By Sophie des Beauvais
On August 2, 2007, the Russian expedition Arktika 2007 planted a Russian flag on the North Pole seabed, descending more than two miles under the ice cap in a pair of submersible vessels. Notably, one third of Russia lies within the Arctic Circle, a region full of natural energy that plays a major role in the country’s economy. With the melting of the Arctic ice cap opening a new array of challenges and opportunities, and the congruent growing interest of non-Arctic states in the region, Russia has been substantially enhancing its Arctic policy.
In September 2008, the Russian government adopted “The fundamentals of state policy of the Russian Federation in the Arctic in the period up to 2020 and beyond.” Accordingly, Russia’s four national interests in the Arctic are the use of the Arctic zone within its borders as a strategic resource base; the maintenance of the greater Arctic region as a zone of peace and cooperation; the preservation of unique ecological systems in the Arctic; and the use of the Northern Sea Route as a strategically located transport route in the Arctic.
The plan emphasizes the region as a source of revenue, mainly from maritime transport, oil, and gas. So far, Arctic resources account for 10-15 percent of the country’s GDP and 20-25 percent of national exports. The melting of the Arctic ice cap also creates new opportunities for shipping and trade routes since it decreases natural obstacles. The Northern Sea Route could reduce the route between Rotterdam, Netherlands and Yokohama, Japan by more than 7,000 km, compared to the traditional Suez Canal route. The prospect of an ice-free sea also reopens the discussions on sovereignty over new routes.
The center of the Arctic Ocean is classified as international waters and thus beyond any country’s control. However, Arctic coastal nations – Canada, Denmark, Norway, and the U.S. along with Russia – have registered claims which could technically extend their purview up to the North Pole.
Indeed, the UN Convention on the Law of the Sea (UNCLOS) regulates the right of coastal nations’ jurisdiction over the resources of a given area. Coastal nations are granted the rights to exclusive economic zones (EEZ) that range 200 nautical miles from the coastlines, but if a nation can provide scientific proof that a continental shelf extends beyond the EEZ then additional rights are granted. Article 77 of UNCLOS states, “The coastal state exercises over the continental shelf sovereign rights for the purpose of exploring it and exploiting its natural resources.” However, if overlapping claims exist then the nations involved are responsible for finding a solution, similar to how Norway and Russia resolved a 40-year old maritime dispute in 2010.
On December 15, 2014, Denmark submitted a claim of around 347,500 square miles of the continental shelf extending into the Arctic Ocean by filing a submission to the UN Commission on the Limits of the Continental Shelf. This claim includes the North Pole.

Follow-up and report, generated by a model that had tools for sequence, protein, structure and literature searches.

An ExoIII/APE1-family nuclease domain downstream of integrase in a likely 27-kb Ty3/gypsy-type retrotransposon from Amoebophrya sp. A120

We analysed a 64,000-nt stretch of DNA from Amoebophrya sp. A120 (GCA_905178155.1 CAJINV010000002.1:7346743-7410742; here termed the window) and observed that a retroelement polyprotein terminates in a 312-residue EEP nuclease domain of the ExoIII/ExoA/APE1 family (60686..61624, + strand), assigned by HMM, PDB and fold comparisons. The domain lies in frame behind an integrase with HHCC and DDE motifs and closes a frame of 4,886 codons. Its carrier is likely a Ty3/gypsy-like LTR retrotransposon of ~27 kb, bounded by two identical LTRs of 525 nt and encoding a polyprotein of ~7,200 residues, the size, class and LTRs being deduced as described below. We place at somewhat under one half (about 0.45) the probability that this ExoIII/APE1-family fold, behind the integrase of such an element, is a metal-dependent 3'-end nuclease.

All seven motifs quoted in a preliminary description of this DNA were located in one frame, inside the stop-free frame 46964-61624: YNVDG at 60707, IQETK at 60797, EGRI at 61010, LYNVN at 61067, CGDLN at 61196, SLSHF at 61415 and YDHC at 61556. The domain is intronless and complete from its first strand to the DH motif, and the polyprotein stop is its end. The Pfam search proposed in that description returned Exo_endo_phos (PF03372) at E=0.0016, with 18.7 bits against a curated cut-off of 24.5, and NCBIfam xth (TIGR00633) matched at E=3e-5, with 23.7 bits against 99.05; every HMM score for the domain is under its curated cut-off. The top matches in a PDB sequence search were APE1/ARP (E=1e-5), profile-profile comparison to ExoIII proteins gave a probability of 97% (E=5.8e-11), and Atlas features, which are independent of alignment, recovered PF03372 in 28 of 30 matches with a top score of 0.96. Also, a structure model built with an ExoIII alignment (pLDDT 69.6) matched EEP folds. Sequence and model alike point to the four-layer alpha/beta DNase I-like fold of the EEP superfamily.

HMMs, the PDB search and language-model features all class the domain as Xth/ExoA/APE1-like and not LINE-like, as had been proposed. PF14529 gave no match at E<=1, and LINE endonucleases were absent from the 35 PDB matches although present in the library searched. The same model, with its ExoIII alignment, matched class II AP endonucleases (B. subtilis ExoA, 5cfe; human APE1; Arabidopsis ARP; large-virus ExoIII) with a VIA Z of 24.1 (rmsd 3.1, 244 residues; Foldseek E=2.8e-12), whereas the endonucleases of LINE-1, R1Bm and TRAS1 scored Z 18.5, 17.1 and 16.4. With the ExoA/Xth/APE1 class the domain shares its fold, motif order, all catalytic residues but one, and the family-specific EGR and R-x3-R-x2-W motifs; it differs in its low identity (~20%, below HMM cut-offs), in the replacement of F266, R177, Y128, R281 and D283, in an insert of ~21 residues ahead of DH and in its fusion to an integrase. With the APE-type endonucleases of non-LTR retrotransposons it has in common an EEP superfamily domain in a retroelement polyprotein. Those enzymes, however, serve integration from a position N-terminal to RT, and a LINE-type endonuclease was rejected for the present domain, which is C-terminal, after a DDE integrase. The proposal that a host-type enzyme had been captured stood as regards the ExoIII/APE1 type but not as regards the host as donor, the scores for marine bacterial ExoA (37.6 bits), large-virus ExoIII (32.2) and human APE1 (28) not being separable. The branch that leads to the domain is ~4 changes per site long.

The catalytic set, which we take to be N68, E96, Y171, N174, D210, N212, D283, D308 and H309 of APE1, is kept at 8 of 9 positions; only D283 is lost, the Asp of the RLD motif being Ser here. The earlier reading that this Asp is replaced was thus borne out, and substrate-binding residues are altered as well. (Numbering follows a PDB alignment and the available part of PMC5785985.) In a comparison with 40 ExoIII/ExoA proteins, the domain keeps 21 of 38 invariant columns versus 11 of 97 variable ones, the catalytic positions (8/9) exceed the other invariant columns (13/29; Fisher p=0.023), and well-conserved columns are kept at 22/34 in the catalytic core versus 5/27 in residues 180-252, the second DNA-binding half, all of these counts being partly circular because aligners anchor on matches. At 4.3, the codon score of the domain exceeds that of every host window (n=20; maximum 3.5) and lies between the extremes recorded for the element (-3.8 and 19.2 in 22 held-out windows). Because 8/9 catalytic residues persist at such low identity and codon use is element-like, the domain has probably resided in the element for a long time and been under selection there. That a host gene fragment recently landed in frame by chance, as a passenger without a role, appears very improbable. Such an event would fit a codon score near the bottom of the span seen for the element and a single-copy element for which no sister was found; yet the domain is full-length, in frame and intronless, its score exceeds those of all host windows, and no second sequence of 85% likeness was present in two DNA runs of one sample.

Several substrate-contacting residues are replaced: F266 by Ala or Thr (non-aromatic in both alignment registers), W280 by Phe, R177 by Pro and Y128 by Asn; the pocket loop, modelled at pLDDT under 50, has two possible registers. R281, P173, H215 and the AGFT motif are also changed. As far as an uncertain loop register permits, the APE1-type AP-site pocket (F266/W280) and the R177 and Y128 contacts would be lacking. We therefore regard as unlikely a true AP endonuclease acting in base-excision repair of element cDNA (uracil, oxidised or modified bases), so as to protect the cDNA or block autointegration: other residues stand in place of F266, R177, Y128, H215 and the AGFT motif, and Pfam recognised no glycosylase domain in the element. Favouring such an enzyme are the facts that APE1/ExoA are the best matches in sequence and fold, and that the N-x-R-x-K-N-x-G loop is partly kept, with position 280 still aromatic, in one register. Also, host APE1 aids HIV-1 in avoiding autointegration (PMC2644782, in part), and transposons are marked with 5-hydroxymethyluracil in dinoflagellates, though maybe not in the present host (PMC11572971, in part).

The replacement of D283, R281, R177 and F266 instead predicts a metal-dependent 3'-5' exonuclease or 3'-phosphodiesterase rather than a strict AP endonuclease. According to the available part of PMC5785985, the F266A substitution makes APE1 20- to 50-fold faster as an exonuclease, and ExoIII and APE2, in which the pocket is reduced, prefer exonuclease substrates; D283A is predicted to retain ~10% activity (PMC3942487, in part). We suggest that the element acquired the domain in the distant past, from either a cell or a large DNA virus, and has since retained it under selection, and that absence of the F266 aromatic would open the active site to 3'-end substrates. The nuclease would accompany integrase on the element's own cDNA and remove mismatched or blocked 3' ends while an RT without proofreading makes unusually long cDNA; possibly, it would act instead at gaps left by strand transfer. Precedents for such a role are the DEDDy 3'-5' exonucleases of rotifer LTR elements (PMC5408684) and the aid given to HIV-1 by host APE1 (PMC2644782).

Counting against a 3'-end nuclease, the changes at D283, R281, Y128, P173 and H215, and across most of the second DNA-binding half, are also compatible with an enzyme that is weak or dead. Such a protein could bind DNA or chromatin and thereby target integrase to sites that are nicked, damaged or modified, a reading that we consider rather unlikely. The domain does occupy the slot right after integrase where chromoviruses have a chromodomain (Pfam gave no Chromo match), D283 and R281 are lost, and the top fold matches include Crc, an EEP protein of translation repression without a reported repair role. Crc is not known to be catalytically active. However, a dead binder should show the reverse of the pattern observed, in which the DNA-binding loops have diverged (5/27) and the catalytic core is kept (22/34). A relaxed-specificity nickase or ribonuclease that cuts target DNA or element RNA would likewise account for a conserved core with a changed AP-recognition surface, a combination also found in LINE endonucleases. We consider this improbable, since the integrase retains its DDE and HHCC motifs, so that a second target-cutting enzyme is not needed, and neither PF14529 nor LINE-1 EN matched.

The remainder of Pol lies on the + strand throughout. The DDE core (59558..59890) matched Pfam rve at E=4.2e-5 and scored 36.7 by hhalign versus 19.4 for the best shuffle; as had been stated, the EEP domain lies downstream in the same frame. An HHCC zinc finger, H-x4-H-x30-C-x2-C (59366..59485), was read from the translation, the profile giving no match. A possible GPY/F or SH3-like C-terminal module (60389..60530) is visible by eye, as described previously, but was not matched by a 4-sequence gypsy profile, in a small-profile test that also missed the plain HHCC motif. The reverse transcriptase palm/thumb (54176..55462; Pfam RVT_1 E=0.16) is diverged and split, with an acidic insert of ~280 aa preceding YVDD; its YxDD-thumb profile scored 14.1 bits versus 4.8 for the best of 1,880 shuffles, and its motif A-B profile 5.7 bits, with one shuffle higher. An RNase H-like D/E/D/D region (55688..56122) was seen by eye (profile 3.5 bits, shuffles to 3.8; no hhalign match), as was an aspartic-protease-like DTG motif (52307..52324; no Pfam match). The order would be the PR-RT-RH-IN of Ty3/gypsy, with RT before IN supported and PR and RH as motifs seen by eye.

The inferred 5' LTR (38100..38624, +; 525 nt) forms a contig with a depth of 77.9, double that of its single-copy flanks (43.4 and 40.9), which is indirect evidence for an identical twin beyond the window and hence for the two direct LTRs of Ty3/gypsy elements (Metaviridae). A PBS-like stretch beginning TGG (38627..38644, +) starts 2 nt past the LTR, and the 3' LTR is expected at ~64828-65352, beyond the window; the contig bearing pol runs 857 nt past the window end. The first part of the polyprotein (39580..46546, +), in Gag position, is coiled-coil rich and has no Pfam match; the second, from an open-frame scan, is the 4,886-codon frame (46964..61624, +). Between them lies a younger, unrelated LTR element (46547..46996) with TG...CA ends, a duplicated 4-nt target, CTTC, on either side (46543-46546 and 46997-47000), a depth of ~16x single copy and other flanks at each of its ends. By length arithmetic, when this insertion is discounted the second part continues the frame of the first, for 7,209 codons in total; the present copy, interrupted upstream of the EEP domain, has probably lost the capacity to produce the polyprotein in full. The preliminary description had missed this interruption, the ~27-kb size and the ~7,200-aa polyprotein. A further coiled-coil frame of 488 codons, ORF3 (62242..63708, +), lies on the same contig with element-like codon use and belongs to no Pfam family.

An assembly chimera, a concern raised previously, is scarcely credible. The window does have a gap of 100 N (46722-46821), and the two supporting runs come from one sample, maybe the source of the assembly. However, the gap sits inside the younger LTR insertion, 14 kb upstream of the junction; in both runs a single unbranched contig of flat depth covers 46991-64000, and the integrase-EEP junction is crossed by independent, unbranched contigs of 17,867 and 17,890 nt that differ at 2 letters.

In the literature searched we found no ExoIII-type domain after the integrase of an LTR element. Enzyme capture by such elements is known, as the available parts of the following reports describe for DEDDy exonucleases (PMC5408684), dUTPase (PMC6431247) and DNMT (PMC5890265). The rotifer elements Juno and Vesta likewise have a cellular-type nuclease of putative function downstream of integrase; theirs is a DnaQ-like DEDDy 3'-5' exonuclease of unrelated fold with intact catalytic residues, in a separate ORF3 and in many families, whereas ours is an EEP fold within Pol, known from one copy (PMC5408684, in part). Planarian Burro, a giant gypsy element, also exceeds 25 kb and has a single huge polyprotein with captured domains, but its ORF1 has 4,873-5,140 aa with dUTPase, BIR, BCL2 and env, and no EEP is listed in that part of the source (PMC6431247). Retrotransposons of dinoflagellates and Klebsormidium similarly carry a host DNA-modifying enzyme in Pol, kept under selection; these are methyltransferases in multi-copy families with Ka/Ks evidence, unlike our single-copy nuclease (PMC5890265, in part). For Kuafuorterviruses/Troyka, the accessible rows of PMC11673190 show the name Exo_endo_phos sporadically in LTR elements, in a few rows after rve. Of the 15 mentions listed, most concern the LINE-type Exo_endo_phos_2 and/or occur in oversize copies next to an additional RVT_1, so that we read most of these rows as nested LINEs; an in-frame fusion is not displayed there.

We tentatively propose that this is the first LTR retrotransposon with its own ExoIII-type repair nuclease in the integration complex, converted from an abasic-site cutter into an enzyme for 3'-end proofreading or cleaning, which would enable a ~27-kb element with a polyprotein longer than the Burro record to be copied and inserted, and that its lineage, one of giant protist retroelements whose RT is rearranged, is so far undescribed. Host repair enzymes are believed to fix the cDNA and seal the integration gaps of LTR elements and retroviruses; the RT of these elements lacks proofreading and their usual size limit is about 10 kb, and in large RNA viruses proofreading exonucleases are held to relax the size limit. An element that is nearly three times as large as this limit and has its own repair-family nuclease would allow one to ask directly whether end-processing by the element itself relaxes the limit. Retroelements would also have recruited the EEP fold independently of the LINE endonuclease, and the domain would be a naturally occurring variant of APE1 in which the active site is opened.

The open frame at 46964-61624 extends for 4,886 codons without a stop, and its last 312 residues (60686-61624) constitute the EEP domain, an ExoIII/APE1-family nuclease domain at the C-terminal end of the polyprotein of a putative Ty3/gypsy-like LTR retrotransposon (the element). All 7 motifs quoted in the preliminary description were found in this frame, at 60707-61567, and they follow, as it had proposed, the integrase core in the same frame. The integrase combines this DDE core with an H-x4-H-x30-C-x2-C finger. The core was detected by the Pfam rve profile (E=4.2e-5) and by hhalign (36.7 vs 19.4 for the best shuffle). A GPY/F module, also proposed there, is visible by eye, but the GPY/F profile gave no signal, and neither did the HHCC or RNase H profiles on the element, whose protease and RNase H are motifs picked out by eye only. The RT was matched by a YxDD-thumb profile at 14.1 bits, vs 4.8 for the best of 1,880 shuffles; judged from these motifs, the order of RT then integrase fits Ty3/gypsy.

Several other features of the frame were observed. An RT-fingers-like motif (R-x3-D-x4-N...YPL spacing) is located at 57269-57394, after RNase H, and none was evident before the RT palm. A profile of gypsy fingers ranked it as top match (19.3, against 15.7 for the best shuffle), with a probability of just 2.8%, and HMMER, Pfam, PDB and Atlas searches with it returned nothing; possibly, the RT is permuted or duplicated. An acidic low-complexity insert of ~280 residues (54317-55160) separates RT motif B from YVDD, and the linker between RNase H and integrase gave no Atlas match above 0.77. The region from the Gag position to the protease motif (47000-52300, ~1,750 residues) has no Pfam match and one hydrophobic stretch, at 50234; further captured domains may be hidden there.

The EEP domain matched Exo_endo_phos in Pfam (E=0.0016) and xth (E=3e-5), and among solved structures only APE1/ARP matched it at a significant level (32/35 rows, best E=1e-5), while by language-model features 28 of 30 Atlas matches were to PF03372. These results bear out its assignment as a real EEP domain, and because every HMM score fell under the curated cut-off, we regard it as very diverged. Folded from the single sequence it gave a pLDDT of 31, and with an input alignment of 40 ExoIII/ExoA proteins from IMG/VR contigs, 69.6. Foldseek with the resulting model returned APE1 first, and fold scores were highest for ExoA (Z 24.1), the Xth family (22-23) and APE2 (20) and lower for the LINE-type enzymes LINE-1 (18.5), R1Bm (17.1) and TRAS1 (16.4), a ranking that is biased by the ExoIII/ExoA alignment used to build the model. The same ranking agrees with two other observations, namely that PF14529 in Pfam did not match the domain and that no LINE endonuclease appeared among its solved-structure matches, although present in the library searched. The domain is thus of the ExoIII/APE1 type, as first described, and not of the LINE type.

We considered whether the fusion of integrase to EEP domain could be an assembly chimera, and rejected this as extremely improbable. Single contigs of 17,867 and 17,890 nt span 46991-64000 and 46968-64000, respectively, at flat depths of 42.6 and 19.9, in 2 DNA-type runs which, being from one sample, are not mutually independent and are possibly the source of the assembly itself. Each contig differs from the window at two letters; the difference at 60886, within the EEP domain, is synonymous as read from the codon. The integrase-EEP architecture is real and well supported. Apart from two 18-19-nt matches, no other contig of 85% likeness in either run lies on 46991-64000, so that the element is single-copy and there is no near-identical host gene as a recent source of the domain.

Russian Natural Resources Minister Sergey Donskoy responded the next day: “We are drafting a document together with the Defense and Foreign Ministries and the Russian Academy of Sciences for submission to the UN Commission on the Limits of the Continental Shelf.”
This claim will likely include the North Pole, as Russia claims to have gathered scientific evidence that the Lomonosov Ridge, which goes straight across the Pole, is a continuation of the Russian continental shelf. This claim, first made on December 20, 2000, was rejected at the time because of lack of scientific proof.
Although Russia’s Arctic Policy is multi-dimensional and cannot be reduced to only its strategic dimension, the country has been developing its military plan in the region to protect its strategic and commercial interests. As a result, Russia is reportedly building a unified network of military facilities in its Arctic territory to protect the country’s borders and interests in the region. Its new strategic command in the Arctic is headquartered in the Northern Fleet and became operational on December 1, 2014.
Later that month, Russia’s President Vladimir Putin said that the country is not planning to militarize the Arctic, but is taking the necessary measures to ensure its defense capabilities in the region. However, a few weeks later, spokesperson for the Russian Northern Fleet, Vadim Serga indicated that the fleet’s “marines will undergo special training in 2015 for military activities in the Arctic.”
According to a recent Stratfor report, “of the eight countries of the Arctic Council, five are members of NATO, fueling Russia’s suspicion that opposing forces are massing against it. Although friction with Kiev and the West has overshadowed Russia’s military build-up in the Arctic, Moscow’s long-term ambitions for the region are making other Arctic countries nervous.”
Although threat of an armed conflict between Arctic powers is very low, the Arctic itself is becoming strategically important, and the prospect of any party militarizing the region can seem alarming. However, the U.S. Special Representative for the Arctic, Admiral Robert Papp, argues the military can serve other purposes.
“If you’re going to have increased maritime traffic, you should have search-and-rescue facilities, you should have modern airports and other things—things I’d like to have built in Alaska as maritime traffic increases,” he said.
Sophie des Beauvais is an editorial assistant at World Policy Journal.
This article first appeared on the World Policy Institute website.